5 Things You Can Do to Afford USCIS Filing Fees


5 things you can do to Afford USCIS Filing Fees

 

Many people are intent on immigrating to the US. But successfully doing so takes resources. Not just time, but money as well.

Let’s admit it. It doesn’t cost pennies to go through the immigration process. On top of the charges of your lawyer, you also have to deal with the USCIS application processing fees. These can already put a dent in your pocket.

Today, let’s talk about how you can pay your USCIS filing fees without breaking the bank.

Tip #1: You can DIY your application

Admittedly, the immigration process is not a walk in the park. But getting a lawyer is not a requirement in pursuing your American dream.

If you’re eligible to get a visa, green card, employment authorization, or any other immigration benefit AND don’t have a criminal record or other factors that can complicate your immigration application, you may want to consider filing online on your own.

It may be a bit complex to navigate the forms to use, the requirements you may need, and the steps to take as soon as you’re ready to file.

The USCIS website provides some helpful instructions and tips to avoid mistakes throughout the process. From filing your application up to the payment of the fees.

Tip #2: Apply for a fee waiver

When to request the fee waiver

All you need to do is to request the fee waiver using Form I-912. You can apply for a waiver of fees if you qualify under the following conditions:

  • You are currently undergoing financial hardship that takes a toll on your capability to pay for the filing fees as well as medical expenses and other emergencies.
  • Your household income is below 150% of the Federal Poverty Level at the time of filing. To determine your household income, you need to count all the individuals in your household. These are:
    • You, your spouse, or the head of household living with you, who are currently receiving a means-tested benefit;
    • Unmarried children or legal wards under 21 yrs old;
    • Unmarried children or legal wards aged 21-24 who are still studying;
    • Unmarried children or legal wards who have physical or developmental disabilities or are mentally impaired.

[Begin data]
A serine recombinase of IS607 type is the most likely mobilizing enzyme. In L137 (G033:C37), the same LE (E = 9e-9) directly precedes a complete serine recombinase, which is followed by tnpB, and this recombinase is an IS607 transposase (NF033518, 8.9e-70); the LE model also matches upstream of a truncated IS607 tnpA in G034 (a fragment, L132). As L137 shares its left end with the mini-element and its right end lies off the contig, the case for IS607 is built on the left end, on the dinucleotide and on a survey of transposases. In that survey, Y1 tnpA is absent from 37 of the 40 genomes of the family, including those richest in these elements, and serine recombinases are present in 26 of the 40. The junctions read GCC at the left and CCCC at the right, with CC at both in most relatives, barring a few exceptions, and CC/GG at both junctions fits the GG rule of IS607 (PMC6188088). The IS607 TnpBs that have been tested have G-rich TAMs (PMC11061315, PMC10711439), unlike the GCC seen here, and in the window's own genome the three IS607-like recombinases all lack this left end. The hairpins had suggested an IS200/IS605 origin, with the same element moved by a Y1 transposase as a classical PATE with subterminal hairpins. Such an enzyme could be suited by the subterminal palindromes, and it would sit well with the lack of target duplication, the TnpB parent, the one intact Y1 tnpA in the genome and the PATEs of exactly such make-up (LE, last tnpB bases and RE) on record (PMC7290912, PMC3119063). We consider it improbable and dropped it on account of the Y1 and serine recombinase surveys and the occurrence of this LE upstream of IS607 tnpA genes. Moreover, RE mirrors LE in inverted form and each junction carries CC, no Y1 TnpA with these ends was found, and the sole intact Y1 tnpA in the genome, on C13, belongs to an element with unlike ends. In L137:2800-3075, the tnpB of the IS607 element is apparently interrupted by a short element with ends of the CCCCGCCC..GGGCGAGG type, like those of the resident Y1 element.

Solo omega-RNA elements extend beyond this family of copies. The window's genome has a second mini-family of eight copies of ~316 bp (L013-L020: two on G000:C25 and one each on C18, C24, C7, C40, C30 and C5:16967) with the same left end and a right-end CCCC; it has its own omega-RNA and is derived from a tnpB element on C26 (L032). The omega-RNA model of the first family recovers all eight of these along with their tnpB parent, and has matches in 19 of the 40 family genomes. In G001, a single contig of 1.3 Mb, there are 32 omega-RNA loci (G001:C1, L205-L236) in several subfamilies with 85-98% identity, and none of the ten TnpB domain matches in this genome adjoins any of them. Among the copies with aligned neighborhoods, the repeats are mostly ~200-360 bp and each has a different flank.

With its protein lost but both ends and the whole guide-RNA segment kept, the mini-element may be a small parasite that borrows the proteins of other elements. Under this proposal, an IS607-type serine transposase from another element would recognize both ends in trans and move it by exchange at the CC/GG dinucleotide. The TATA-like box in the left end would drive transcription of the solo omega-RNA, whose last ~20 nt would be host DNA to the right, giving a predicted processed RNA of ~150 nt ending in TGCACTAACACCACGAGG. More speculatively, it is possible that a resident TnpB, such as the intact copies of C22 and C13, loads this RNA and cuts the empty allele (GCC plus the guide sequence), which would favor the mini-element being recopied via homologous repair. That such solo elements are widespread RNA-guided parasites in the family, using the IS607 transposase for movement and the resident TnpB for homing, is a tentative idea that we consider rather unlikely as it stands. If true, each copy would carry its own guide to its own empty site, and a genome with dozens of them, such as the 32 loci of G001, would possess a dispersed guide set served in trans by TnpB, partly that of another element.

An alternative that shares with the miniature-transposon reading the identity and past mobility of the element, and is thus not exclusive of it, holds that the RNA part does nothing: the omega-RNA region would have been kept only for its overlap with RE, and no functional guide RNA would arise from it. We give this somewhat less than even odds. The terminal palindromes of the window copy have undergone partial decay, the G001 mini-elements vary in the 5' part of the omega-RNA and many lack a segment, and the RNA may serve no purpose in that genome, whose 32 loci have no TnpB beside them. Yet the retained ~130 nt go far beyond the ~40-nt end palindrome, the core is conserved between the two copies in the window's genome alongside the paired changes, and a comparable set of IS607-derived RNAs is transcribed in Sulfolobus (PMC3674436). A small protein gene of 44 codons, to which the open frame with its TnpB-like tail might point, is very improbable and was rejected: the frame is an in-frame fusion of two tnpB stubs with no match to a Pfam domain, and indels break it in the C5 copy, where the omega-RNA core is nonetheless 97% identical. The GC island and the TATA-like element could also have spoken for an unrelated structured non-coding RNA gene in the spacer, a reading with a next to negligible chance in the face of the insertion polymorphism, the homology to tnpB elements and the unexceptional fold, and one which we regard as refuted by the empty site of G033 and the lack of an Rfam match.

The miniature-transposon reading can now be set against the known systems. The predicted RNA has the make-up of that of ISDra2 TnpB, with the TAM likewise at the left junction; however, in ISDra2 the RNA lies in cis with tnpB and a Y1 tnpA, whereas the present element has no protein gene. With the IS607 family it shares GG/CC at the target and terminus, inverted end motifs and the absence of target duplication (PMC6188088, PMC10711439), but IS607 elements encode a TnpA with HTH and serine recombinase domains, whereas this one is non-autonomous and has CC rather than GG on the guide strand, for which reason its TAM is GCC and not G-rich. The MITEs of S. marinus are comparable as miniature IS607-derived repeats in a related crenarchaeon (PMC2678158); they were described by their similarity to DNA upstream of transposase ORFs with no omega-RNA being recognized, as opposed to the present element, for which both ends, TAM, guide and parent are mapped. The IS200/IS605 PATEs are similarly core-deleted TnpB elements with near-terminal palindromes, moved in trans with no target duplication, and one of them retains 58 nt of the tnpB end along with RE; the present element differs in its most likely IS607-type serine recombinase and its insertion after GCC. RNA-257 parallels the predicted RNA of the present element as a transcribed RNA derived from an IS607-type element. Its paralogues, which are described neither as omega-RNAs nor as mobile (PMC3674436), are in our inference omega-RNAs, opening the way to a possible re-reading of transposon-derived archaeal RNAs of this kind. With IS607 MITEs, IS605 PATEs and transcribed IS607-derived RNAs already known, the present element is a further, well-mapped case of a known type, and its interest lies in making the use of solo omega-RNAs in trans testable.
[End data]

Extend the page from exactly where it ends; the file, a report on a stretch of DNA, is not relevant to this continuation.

Just understand that depending on what you are applying for, one of the requirements may be that you won’t need government assistance.

If you present that you earn less than the poverty guidelines, you may find yourself disqualified. It really depends on what you are applying for. If you are uncertain, call an immigration attorney before filing anything.

Once you are granted the fee waiver, your fees are considered paid.

Applicable forms for a fee waiver

You do need to know that the fee waiver applies only to specific immigration forms, as listed on the USCIS website. Examples of forms where you can request a fee waiver are:

  • Form N-400, Application for Naturalization
  • Form I-765, Application for Employment Authorization (“EAD”) unless you are a DACA recipient
  • Form N-600, Application for Certification of Citizenship
  • Form I-90, Application to Replace Permanent Resident Card
  • Form I-485, Application to Register Permanent Residence or Adjust Status

Tip #3: Ask for help from your community

Ask family and friends

Your family and friends are the ones who can see firsthand how the immigration process can take its toll on you. Ask them for help in paying the fees. You can do so by writing letters or emailing friends or family members you can rely on for support.

You can also be creative in asking for help. Say, for example, your birthday is coming up. Instead of gifts, you can ask for money to help pay the fees.

Don’t worry. A lot of immigrants who successfully completed their USCIS filings started with a little help from friends and family.

 

Check government organizations

Another way to get financial assistance is through government organizations whose objective is to help immigrants. You can check out the USCIS website for the list of organizations in your area.

 

Seek assistance from your employer

If you are presently employed, seeking assistance from your employer is also a great option. Besides, it will work to their advantage if you get status that will make it easier for them to keep you in their employ. It will be more cost-effective to keep you than to hire new staff to replace you.

 

Consider your church or faith group

Your church or faith group can also help in raising funds for fees. You never know until you ask.

 

Tip #4: Try crowdfunding sites

Many people get inspired to help with stories they see on crowdfunding sites.

If you are open to sharing your immigration journey with the public, people you don’t even know can help by donating to your cause. Sites like GoFundme and GoGetFunding are popular for personal fundraisers.

A lot of people raising immigration funds have relied on the kindness of strangers through these sites.

Tip #5: Use your credit card

If you are short on cash to pay your USCIS fees, you can just take out that plastic and fill out a Form G-1450 – Authorization for Credit Card Transactions with your USCIS forms.

There you have it. You can get around to saving yourself the expense of your USCIS forms just by trying the tips I shared above.

 

Seek Expert Legal Advice

You can call us today if you want to discuss your case or need help on your green card or immigration journey, and we will let you know if and how we can help.

Remember, every case is different, and we won’t take your money if we can’t help you.

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